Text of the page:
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GOES-15 Satellite Is Activated and GOES-11 Deactivated After Nearly 12 Years In Orbit
December 8, 2011

infrared image of Pacific On December 6, 2011 at 1545z, GOES-15 took its first infrared image as the operational geostationary satellite positioned over the Pacific - called GOES-West. This image shows a portion of that first image. The clouds are colorized based on their temperature, an indication of storm intensity. GOES-15 will continue to image the Western U.S. and Pacific every 15-30 minutes, with full hemisphere scans every 3 hours until its retirement - hopefully many years from now. Credit: NOAA
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artist concept of GOES-15, formerly known as GOES-P Artist's concept of GOES-P in orbit. Image Credit: NASA/Honeywell Tech Solutions, C. Meaney
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For 12 years, GOES-11, one of NOAA's geostationary satellites, tracked weather and severe storms that impacted the U.S. West Coast, Hawaii and the Pacific region. On December 6, the National Oceanic and Atmospheric Administration (NOAA) began the process to deactivate the satellite, which is approaching the end of its useful life, and replace it with a new, more advanced spacecraft.

Launched by NASA as the GOES-P satellite, the new geostationary satellite, renamed GOES-15, has taken the place of GOES-11 and now becomes NOAA's GOES West spacecraft in a fixed orbit over the Pacific Ocean, midway between Hawaii and the West Coast and 22,300 miles above the equator. GOES-15 provides more data, with better resolution and image stability than GOES-11. GOES-15 joins NOAA's other operational geostationary satellite, GOES-13, which serves as the GOES East spacecraft. The GOES are not only used for weather applications, but also track space weather, oceanographic changes, forest fires and other hazards and provide scientific data collection and information for search and rescue operations.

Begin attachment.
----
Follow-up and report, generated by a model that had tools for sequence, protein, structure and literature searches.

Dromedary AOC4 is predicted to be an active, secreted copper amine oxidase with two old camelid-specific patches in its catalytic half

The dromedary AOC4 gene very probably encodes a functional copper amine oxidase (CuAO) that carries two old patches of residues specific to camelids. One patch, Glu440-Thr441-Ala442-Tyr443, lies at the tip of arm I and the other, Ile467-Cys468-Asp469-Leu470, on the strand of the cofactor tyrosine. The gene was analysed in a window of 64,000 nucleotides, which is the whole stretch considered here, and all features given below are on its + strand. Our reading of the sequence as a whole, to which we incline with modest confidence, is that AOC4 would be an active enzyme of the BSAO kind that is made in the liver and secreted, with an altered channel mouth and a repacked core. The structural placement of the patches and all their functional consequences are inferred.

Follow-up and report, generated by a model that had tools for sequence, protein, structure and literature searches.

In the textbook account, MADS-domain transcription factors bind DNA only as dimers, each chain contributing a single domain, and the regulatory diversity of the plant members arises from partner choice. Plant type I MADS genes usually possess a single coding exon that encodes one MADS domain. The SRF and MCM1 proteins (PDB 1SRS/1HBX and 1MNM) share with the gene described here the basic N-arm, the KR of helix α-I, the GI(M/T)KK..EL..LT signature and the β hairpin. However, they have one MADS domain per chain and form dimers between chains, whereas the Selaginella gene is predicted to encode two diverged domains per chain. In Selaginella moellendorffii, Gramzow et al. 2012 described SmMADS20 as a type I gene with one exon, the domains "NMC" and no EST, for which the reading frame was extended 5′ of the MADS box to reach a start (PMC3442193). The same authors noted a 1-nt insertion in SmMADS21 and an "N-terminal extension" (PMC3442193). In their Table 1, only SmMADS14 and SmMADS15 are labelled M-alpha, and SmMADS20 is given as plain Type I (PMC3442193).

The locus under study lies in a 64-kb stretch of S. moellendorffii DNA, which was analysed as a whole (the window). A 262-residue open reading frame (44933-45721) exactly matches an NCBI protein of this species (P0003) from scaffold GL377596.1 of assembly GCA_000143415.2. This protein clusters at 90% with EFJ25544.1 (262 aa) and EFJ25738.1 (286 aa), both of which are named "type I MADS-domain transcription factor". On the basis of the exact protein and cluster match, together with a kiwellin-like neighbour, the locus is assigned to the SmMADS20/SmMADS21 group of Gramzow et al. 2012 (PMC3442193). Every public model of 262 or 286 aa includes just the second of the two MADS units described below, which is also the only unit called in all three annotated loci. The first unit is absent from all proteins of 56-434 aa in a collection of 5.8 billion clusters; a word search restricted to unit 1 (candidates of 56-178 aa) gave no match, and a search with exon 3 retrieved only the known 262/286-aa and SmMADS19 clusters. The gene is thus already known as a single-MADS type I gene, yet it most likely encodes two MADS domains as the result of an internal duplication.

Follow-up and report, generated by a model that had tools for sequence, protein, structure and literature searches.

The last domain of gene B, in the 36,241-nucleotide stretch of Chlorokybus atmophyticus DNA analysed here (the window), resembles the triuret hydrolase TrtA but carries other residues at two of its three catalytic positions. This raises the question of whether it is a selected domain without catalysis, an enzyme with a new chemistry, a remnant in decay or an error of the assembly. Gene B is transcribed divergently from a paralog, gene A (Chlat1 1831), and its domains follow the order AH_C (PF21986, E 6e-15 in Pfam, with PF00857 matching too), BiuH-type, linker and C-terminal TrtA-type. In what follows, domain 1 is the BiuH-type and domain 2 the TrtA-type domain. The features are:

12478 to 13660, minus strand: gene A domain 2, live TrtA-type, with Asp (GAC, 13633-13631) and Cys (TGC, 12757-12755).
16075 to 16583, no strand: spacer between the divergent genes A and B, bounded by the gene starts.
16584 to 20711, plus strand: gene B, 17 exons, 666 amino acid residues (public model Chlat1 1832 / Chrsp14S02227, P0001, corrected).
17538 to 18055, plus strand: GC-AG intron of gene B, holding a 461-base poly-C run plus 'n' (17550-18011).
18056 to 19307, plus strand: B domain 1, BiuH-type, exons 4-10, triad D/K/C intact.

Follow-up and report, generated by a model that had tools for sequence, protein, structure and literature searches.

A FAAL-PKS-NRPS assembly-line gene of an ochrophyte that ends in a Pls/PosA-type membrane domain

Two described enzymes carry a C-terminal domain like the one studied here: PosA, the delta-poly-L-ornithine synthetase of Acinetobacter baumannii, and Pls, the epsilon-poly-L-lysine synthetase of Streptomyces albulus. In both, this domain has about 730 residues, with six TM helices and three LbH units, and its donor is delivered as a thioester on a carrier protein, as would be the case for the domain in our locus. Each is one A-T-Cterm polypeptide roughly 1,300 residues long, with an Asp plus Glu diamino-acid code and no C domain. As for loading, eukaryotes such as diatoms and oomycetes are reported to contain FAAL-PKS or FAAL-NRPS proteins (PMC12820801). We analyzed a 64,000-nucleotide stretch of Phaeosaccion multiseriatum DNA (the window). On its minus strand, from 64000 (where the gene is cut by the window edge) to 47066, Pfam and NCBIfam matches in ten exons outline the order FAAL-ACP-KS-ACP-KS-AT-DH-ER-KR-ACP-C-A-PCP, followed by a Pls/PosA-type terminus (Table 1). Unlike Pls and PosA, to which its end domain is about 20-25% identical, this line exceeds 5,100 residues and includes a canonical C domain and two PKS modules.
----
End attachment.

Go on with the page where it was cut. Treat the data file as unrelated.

"We look forward to the replacement of GOES-11, a third generation satellite built in the 1990's, with GOES-15, a fourth generation satellite built in the 2000's at the GOES-West observing station. The newer model uses star trackers to stabilize the satellite, so animations of the West Coast weather will have very little jitter," said Dr. Dennis Chesters, of NASA's GOES Project at the NASA Goddard Space Flight Center, Greenbelt, Md. NASA's GOES Project also creates some of the GOES satellite images and GOES satellite imagery animations. NOAA manages the operational environmental satellite program and establishes requirements, provides all funding and distributes environmental satellite data for the United States.

Aware that GOES-11 was nearing the end of its fuel supply, NOAA personnel spent the past several months planning for the end of its mission. Deactivation of GOES-11 began today when data observations were shifted to GOES-15. On December 15, NOAA will fire the spacecraft's booster, moving GOES-11 approximately 185 miles (300 km) above its current geostationary orbit, where it will be officially decommissioned.

"With its steady eye on dangerous weather conditions, GOES-11 served America well, providing the critical images and atmospheric measurements NOAA meteorologists needed to produce life-saving forecasts," said Mary Kicza, assistant adminstrator for NOAA's Satellite and Information Service.

Launched May 3, 2000, GOES-11 was originally planned for a five-year mission, but lasted nearly seven years longer. "GOES-11's extended service is testimony to the great work of Space Systems/Loral, NASA and the team of NOAA staff and contractors who acquired and managed the spacecraft," Kicza added.

In addition to GOES-15 and GOES-13, NOAA has two other geostationary satellites in orbit - GOES-12, which provides data for South America, and GOES-14, which is in a storage orbit as a ready backup or replacement.

NOAA is planning the next generation of geostationary satellites, called GOES-R, with the first set to launch in 2015. GOES-R is expected to more than double the clarity of today's GOES imagery and provide more atmospheric observations than current capabilities with more frequent images. In addition, data from GOES-R instruments will be used to create many different products NOAA meteorologists and others will use to monitor the atmosphere, land, ocean and the sun.

The Geostationary Operational Environmental Satellite (GOES)-P launched March 4, 2010 aboard a United Launch Alliance Delta IV rocket. Liftoff occurred at 6:57 p.m. EST. The weather-watching spacecraft joined a constellation of advanced environmental satellites built for NOAA and managed by NASA Goddard.

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Page Last Updated: July 28th, 2013
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